The 150th anniversary of the birth of William Butler Yeats is being celebrated all year long, as I blogged about in February.
Now comes a Travel section piece in The New York Times about Yeats’ poem, “The Lake Isle of Innisfree.” Published in 1888, the poem is about an island in the middle of Lough Gill, County Sligo. It was partially inspired by Henry David Thoreau’s “Walden’s writings, according to the article author Russell Shorto. He continues:
The whole landscape echoes the poem. You realize, sitting there, identifying the sound of the lake water with the deep heart’s core, that the Yeats who wrote the poem does not actually intend to retreat from the world and move to this spot. He is reaching for something. He is aware, at 23, of death and the inexorability of change. He is searching, trying to find his balance, his center. He knows he left it somewhere in his past, as we all have done.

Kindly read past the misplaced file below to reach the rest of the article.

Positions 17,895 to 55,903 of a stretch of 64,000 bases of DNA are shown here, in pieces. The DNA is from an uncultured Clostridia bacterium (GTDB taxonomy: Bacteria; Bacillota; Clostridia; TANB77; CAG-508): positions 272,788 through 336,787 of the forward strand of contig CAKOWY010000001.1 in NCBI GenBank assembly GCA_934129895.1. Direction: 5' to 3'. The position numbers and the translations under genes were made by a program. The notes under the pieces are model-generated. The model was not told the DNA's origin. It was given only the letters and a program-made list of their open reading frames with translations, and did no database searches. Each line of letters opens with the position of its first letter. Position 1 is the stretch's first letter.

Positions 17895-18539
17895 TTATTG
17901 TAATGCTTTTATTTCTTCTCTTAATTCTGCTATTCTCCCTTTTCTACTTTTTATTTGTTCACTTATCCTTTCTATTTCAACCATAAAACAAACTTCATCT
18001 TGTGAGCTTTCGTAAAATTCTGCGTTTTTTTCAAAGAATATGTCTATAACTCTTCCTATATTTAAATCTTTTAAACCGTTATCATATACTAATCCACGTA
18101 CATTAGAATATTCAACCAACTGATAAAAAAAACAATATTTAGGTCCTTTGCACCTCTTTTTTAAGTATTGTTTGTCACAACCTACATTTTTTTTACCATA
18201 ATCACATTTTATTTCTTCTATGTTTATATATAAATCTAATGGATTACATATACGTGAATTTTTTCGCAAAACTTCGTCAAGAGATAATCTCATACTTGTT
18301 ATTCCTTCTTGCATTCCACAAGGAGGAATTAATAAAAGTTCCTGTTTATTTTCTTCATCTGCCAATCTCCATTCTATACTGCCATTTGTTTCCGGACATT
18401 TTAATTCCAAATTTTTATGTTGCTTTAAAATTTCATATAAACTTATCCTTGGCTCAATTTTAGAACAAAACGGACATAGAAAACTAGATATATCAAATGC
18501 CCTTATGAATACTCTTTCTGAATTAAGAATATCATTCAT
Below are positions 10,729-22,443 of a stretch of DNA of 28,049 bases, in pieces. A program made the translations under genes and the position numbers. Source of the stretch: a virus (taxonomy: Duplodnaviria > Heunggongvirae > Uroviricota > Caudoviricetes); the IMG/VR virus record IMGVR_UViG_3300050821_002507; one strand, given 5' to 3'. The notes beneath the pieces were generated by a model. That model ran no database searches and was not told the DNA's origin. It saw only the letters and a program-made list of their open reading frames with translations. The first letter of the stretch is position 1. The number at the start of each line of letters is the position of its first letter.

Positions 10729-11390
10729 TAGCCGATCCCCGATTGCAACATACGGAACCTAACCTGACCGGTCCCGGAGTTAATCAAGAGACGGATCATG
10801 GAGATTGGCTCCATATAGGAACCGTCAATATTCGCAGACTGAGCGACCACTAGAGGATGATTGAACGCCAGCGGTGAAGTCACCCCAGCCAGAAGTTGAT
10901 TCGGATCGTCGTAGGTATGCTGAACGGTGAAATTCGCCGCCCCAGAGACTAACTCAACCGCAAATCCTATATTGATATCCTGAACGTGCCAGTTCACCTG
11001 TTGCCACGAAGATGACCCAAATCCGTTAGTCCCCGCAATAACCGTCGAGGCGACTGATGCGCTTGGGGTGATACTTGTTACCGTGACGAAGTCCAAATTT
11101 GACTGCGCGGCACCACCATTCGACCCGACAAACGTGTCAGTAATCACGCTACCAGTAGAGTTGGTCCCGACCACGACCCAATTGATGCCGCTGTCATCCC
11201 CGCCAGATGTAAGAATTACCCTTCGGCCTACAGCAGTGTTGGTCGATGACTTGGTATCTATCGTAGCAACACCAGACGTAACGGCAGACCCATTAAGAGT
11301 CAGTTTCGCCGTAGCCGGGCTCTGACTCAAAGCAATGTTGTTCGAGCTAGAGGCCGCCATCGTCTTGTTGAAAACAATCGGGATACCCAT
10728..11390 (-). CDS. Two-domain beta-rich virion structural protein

Here’s the full story, and here’s the poem: